Can I still travel to Portugal? Latest Covid restrictions following flight ban

MORE countries have been placed onto the UK flight ban list due to new strains of coronavirus.

Here is what you need to know about Portugal regarding flights and coronavirus restrictions.

Can I still travel to Portugal?

The UK government banned all flights between Portugal and the UK last night, which was enforced from today at 4am.

The country was slapped with the ban due to its "strong travel links with Brazil", Transport Secretary Grant Shapps said yesterday, where a new strain has been reported.

Flights will no longer go ahead, although airlines are likely to offer repatriation flights for stranded tourists in the upcoming days.

The advice from the government states: "From 4am on 15 January, direct flights from Portugal (including the autonomous regions of Madeira and Azores) to the UK are prohibited.

"Visitors who have been in or transited through Portugal (including the autonomous regions of Madeira and Azores) in the previous 10 days cannot enter the UK."

Brits are unlikely to be on holiday, however, as the UK lockdown bans all non-essential travel.

Travel was also limited from the UK to Portugal unless a resident of the country due to EU restrictions regarding the coronavirus situation in Britain.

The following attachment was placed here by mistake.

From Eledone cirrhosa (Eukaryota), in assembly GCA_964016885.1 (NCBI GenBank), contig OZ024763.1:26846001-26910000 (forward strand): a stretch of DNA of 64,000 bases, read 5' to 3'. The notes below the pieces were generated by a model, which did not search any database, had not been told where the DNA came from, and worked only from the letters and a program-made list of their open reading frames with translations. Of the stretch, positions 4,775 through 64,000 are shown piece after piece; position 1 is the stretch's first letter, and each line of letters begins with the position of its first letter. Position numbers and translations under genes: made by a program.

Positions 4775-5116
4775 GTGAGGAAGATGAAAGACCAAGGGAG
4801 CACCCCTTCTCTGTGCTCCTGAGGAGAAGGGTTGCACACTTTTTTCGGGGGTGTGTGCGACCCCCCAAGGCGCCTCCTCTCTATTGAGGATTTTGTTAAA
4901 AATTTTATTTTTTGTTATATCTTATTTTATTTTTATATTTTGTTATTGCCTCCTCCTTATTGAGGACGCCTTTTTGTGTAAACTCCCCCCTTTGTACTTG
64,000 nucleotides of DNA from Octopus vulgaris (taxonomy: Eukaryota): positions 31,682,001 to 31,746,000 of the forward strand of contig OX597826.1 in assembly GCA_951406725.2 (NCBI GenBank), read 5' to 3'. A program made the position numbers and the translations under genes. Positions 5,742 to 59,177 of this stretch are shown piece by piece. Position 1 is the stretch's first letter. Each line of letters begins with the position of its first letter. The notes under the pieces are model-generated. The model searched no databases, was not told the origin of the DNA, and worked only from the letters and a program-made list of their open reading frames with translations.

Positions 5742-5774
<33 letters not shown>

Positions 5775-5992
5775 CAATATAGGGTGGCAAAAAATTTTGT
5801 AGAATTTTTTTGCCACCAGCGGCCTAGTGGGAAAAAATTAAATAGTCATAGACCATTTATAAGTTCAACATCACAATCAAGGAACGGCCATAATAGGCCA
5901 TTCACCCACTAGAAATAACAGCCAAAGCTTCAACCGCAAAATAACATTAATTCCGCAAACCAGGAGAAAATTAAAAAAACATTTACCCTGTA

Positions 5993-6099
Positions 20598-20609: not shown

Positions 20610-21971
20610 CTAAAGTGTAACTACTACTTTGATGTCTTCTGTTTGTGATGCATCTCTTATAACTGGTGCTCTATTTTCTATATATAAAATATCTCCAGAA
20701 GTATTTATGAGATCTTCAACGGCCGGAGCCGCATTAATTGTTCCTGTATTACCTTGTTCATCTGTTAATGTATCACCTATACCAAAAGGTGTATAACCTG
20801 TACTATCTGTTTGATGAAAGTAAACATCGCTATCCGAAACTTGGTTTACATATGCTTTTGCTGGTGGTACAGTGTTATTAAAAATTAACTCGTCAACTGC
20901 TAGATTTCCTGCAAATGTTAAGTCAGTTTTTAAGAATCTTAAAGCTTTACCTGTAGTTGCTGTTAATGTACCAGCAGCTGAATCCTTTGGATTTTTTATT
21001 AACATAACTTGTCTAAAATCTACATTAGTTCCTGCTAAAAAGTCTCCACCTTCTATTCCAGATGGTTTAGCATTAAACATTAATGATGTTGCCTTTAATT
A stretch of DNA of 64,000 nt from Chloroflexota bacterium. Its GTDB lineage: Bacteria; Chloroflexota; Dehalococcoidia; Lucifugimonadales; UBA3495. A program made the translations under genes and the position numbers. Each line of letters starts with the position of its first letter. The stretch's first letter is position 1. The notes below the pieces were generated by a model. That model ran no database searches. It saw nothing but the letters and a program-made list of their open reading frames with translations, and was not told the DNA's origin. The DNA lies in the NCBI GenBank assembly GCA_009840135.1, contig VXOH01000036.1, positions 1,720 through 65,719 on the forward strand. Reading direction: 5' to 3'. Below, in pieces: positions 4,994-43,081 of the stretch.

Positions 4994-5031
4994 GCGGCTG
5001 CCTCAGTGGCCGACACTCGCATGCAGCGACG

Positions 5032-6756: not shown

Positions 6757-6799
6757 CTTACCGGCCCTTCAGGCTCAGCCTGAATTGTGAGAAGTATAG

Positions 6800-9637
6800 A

What are the travel restrictions in Portugal?

Before the travel ban, Portugal required a negative coronavirus test taken no more than 72 hours before to be allowed to enter.

This is expected to remain the case when the travel ban is lifted.

Brits also must quarantine on their return to the UK as there is no air bridge between mainland Portugal and Britain.

New restrictions which will be enforced from Monday require all UK arrivals, including returning Brits, to have a negative coronavirus test taken no more than 72 hours before.

Does the travel ban include the Azores and Madeira?

The Portuguese islands of Madeira and the Azores were on the air bridge list with the UK, which meant arrivals to the UK did not have to quarantine.

However, the travel ban includes all of Portugal, including the islands.

The same flight ban and quarantine rules currently apply to more than a dozen countries in southern Africa – where there is another more contagious strain tearing through the continent.

Government scientists say the Brazilian variant – known as mutation 194 – is similar to the highly contagious South African strain.

The new variant was first detected in Japan, and was there reported to the World Health Organisation.

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